When we were young,poor and just married my sister-in-laws(5 of them) and I used to do all the painting and wallpapering in each other’s homes. About 15 years ago we declared a moritorium on any “do it ourselves”–now we “save” and hire it all done. I don’t think it costs that much more since if the pro stinks it up the pro has to replace it.
    And I have to add that every emergency trip and broken thing in our home begins with the line said by my husband–I Can Fix That!! No he can’t!

  59. Would you like a house remodeling job in California sometime? The pay will be reasonable, e.g. rides to all local yarn stores and knitting nights, all the angora fiber you want from my rabbits. Deal?
    Carol

  60. Well, I too am sorry about the smashed fingers. That is hard on the knitting. The room looks smashing!
    I would like to tell you something that does work. Yesterday I came home tired and cranky from my second day at a different job (in the same office, at the same pay) with supper to cook, (rather than reheat) and a standing appointment for the evening. I did cook supper, but I cancelled the appointment, put on my pajamas (felt better immediately ‘She doesn’t makes me go out if our jammies are on.’), curled up in my knitting chair, and read the last three stories in “Free Range Knitter” to myself. You cheered me right up. Thank you.

  61. Very very nice. I am totally impressed. I am wondering, though, why you did this by yourself- risking your priceless knitting fingers? Isn’t that one of the side benefits of a husband??? I would totally have made my DH do it all by himself—-but then, he actually is a carpenter…….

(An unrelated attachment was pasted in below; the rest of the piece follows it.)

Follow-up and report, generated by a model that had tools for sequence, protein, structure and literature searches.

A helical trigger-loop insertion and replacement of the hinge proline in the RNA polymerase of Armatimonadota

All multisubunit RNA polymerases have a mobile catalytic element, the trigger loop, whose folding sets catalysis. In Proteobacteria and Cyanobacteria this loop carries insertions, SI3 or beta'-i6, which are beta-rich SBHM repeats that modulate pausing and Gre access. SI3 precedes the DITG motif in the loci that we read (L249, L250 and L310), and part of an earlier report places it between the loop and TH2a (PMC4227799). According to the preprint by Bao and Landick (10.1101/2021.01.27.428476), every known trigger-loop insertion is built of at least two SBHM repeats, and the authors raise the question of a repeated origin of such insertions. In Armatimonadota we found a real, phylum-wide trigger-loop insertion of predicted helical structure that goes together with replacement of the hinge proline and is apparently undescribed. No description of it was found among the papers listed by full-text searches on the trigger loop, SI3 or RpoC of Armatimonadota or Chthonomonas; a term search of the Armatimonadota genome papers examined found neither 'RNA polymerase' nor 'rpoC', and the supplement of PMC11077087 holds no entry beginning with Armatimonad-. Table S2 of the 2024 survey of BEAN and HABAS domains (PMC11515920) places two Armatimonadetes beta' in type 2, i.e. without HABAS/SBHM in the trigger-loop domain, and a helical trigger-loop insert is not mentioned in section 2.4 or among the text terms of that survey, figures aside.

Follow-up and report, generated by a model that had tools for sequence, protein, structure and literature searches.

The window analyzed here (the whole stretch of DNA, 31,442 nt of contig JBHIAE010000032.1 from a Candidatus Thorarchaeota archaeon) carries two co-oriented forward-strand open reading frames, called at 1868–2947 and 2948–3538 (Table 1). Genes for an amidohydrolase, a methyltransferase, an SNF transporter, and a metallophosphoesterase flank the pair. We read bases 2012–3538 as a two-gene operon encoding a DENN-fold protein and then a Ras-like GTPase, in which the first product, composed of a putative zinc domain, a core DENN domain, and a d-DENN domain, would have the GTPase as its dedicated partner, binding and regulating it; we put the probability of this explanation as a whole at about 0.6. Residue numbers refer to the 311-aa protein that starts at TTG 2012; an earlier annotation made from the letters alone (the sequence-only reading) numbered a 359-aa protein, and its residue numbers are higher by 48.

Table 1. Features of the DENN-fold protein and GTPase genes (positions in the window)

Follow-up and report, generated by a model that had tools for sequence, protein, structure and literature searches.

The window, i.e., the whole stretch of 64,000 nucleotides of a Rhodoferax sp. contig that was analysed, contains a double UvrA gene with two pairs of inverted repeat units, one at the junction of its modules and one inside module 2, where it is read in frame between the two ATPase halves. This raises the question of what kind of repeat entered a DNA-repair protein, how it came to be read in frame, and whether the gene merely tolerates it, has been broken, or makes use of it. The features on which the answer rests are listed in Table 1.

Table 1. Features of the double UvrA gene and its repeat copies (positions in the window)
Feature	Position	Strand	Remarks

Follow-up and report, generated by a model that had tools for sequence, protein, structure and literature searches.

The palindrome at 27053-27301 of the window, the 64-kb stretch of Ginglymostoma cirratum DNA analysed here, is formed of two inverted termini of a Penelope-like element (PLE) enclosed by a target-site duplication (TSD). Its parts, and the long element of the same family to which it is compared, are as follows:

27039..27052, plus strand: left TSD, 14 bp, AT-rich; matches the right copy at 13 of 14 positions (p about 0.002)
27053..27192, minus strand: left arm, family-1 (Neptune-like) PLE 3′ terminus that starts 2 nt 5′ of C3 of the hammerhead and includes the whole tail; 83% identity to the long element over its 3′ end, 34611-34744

62. P.S. Universe, if you could fix some of these things, then Amy Lane might actually make her husband finish the two year project their bathroom has become. Just sayin’.
    (Congrats on a job successfully completed, Steph:-)

  63. you think keeping the glue in the paint section is weird?
    Guess where my supermarket keeps the canned pumpkin?
    With the Flour!
    Clearly, everyone else only needs it for pie.

  64. Yeah, I always take these dinky whacks with the hammer, give up, take a big whack and totally miss, leaving a big gouge in the wood.

  65. The last seriously cheap bookcase I bought, from Argos in the UK, came with a lovely little plastic doohickey which sets the nails for you and keeps your fingers away from them. I was completely shocked not to have bashed finger-ends…